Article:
enviroCar: A Citizen Science Platform for Analyzing and Mapping Crowd-Sourced Car Sensor Data


  • Acknowledgements: This work has been financially supported by the project Flexible and Efficient Integration of Sensors and Sensor Web Services funded by the ERDF program for NRW (contract number N 114/2008), as well as the 52 math formulaNorth Initiative for Geospatial Open Source Software. Many thanks go to the enviroCar project team (http://www.envirocar.org) and their enthusiastic work on implementing the approach presented here. Finally, we thank all the sponsors of the enviroCar crowd-funding initiative (http://www.indiegogo.com/projects/envirocar) for supporting us in building this new source of environmental data.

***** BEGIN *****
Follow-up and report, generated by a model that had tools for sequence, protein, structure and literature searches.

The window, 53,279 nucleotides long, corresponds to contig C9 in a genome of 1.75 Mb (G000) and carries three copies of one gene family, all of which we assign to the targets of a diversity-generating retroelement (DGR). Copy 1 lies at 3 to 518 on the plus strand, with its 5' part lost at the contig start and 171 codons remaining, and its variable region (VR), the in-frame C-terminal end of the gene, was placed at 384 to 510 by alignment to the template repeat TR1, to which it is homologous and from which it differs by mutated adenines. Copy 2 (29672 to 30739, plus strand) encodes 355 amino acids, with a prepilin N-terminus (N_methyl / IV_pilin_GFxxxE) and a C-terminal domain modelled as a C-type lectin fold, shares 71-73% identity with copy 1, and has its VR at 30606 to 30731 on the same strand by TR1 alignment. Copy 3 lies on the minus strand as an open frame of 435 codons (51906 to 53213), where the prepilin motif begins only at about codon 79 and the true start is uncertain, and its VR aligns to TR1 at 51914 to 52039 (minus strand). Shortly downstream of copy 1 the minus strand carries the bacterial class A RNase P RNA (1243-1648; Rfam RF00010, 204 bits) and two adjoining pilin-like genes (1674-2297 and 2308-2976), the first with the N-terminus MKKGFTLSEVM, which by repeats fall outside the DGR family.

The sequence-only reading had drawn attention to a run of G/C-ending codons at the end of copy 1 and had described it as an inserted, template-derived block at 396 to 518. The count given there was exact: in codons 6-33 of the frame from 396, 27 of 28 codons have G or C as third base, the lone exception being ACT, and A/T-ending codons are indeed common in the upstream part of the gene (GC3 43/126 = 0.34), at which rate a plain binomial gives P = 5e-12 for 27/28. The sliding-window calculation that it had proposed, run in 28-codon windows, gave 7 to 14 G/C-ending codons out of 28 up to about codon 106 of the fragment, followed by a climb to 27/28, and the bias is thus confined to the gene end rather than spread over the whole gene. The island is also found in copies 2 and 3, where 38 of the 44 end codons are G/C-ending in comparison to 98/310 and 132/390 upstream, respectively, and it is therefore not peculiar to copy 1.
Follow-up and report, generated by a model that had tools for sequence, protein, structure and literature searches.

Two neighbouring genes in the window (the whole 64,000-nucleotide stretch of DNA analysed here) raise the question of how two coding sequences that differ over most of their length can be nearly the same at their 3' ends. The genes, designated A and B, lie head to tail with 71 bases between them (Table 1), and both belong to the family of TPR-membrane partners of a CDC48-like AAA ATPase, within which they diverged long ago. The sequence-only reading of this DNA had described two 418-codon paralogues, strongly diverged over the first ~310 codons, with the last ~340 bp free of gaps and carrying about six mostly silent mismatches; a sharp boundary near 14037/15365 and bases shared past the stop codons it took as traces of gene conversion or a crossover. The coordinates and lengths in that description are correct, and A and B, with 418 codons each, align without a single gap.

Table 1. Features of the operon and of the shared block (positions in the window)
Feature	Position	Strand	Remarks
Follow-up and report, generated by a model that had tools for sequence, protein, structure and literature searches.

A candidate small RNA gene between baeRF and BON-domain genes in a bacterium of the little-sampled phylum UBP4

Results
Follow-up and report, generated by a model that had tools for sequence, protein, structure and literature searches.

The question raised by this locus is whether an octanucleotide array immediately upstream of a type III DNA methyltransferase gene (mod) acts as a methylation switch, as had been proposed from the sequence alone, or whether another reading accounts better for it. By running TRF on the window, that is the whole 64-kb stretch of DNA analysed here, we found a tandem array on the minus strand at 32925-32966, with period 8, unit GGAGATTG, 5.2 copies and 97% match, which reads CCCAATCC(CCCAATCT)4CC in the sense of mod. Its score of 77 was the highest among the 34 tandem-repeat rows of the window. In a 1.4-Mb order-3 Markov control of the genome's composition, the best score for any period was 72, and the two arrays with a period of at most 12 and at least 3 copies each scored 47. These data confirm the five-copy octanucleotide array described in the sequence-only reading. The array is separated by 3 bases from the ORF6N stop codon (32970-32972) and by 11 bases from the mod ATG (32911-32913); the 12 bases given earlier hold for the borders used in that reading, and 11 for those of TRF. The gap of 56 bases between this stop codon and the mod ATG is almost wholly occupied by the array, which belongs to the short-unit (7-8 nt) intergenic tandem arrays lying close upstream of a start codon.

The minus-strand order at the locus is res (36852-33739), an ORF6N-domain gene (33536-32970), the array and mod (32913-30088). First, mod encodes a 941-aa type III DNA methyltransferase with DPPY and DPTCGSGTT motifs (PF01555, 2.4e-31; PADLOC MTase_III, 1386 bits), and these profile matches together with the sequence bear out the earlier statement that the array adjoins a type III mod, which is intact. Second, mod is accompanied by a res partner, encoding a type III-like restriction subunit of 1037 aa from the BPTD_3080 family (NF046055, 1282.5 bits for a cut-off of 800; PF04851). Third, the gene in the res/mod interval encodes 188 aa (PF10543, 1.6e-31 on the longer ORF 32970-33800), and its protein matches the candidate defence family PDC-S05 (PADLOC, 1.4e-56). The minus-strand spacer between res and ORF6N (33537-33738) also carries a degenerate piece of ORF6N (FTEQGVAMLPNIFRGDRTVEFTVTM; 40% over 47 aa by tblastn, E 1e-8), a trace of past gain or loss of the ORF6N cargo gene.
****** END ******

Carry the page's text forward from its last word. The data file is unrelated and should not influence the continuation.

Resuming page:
This article presents the enviroCar platform for collecting geographic data acquired from automobile sensors and openly providing those data for further processing and analysis. By plugging a low-cost On-Board Diagnostics (OBD-II) adapter into a car and using an Android smartphone, various kinds of sensor data measured by today's cars can be collected and uploaded on to the Web. Once available on the Web, these data can be used to monitor traffic and related environmental parameters. We analyse the OBD-II interface and its potential usage for environmental monitoring, e.g. to estimate fuel consumption and resulting math formula emissions, noise emission, and standing times. Next, we present the main contribution of this article, the system design of the enviroCar platform. This system design consists of the enviroCar app and the enviroCar server, which allows for flexible geoprocessing of the uploaded data. We focus in this article on the description of the spatiotemporal RESTful Web Service interface and underlying data model specifically designed for handling the mobile sensor data. Finally, we present application scenarios in which the enviroCar platform can act as a powerful tool, e.g. regarding traffic monitoring and smarter cities (e.g. the detection of pollutant emission hotspots in the city), or towards applications for a quantified self (e.g. monitoring fuel consumption). We started the enviroCar project in 2013 and have been able to attract a growing number of participants since then. In a crowd-funding initiative, enviroCar was successfully funded by volunteers, demonstrating the interest in this platform.